TO locals it is a concrete monstrosity and a magnet for teenage drinkers which should have been blown up years ago.
TO locals it is a concrete monstrosity and a magnet for teenage drinkers which should have been blown up years ago. But now the much-maligned Apollo Pavilion in Peterlee, County Durham, is the inspiration for two new exhibitions, one by a renowned artist and the other by a local photographer.
Kabir Hussain, whose previous bronze creations have been inspired by such diverse landscapes as Africa, India and Peru, has focused on the pavilion for his latest exhibition, Birds Eye View.
Bird’s Eye View is described by Durham County Council, which is hosting the exhibition at its DLI Museum and Art Gallery in Aykley Heads, as “a series of 24 bronze sculptures looking at themes of modernist architecture.”
The publicity blurb for the exhibition continues: “Inspired by Victor Pasmore’s Apollo Pavilion at Peterlee, he explores composition and geometry”.
The original Pavilion in the middle of a man-made lake in the centre Sunny Blunts housing estate in Peterlee has attracted strong and polarised emotions since it was built in the 1960s.
Local councillor Joan Maslin, who sits on both Easington district and Durham county councils, and who once invited the Army to blow up the pavilion, said: “It is still a monstrosity and a magnet for graffiti artists, teenage drinkers and vandals.
“People come up to me and jokingly offer to pull it down for me during the night. It is just an ugly slab of concrete.” Although diplomatically declining to comment on the art exhibition Coun Maslin said: “I was invited to a preview and I declined.”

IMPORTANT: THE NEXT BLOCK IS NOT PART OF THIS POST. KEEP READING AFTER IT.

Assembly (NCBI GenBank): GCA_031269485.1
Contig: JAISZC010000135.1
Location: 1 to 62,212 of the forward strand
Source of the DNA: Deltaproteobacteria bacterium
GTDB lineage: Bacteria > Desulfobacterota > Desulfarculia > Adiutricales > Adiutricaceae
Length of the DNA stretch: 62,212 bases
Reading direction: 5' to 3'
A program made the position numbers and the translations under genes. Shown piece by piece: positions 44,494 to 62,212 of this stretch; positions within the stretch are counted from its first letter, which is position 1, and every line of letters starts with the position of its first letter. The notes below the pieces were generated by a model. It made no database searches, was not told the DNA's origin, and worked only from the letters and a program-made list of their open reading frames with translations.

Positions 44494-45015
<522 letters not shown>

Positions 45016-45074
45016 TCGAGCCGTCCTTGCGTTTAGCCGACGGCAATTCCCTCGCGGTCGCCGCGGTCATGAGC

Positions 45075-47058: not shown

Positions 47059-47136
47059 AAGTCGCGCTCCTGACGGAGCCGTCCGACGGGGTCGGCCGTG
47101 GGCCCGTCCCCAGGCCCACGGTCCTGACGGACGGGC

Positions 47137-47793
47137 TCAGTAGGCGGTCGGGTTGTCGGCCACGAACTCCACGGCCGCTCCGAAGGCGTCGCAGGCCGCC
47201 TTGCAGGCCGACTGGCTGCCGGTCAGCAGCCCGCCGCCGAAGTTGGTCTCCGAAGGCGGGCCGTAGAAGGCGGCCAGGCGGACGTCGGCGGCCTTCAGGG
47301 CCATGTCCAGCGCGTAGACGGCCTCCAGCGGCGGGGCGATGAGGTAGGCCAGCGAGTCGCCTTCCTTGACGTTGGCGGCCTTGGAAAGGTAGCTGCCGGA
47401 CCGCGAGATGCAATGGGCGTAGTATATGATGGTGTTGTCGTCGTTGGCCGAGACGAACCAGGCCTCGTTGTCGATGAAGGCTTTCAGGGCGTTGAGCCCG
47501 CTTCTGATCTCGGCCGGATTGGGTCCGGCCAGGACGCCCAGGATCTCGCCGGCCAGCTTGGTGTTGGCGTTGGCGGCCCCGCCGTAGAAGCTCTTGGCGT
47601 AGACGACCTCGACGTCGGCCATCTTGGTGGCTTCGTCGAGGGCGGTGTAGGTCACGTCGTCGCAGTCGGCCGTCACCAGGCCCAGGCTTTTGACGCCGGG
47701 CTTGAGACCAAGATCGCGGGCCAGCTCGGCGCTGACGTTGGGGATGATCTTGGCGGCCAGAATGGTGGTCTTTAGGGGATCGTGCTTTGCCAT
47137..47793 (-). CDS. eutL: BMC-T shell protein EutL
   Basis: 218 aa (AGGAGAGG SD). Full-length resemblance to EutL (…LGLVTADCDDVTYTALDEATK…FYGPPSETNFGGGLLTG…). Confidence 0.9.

The concrete structure is currently being restored as part of a £400,000 project funded by District of Easington Council and the Heritage Lottery Fund.
The pavilion, named after the space mission, was designed by Victor Pasmore, who was master of painting at King’s College, now Newcastle University, and whose work is in Tate Britain, London’s Royal Academy of Arts and the Museum of Modern Art in New York.
It was meant to symbolise “post-war simplicity and harmony”.
Meanwhile local photographer Michelle Allen is displaying While Reason Sleeps, described as “a new series of photographs looking at the visual relationship between Pasmore’s Pavilion and the surrounding housing.”
Durham County Council say: “The photographs deliberately reference abstract art as a way of relating to Pasmore’s involvement in the housing design of Peterlee.”
Mr Pasmore, who died in 1998, also worked on the development of Peterlee New Town in the early 1960s. While his flat-roofed designs were considered to be pioneering at the time, and were based on similar houses on the sun-kissed Mediterranean islands of Malta and Gozo, residents in the harsher east Durham climate soon complained of leaking roofs and damp, cold homes. The flat roofs on the homes were later replaced with traditional pitched ones.
Born in Pakistan, Mr Hussain came to Britain when he was seven and went on to study at the Chelsea School of Art.
He has exhibited in Britain and abroad and is a master bronze caster.
The DLI Museum and Art Gallery will host Kabir Hussain’s Bird’s Eye View, Michele Allen’s While Reason Sleeps, as well as another exhibition, Jo Ray’s My Spectacles, from this Saturday until Sunday, March 22.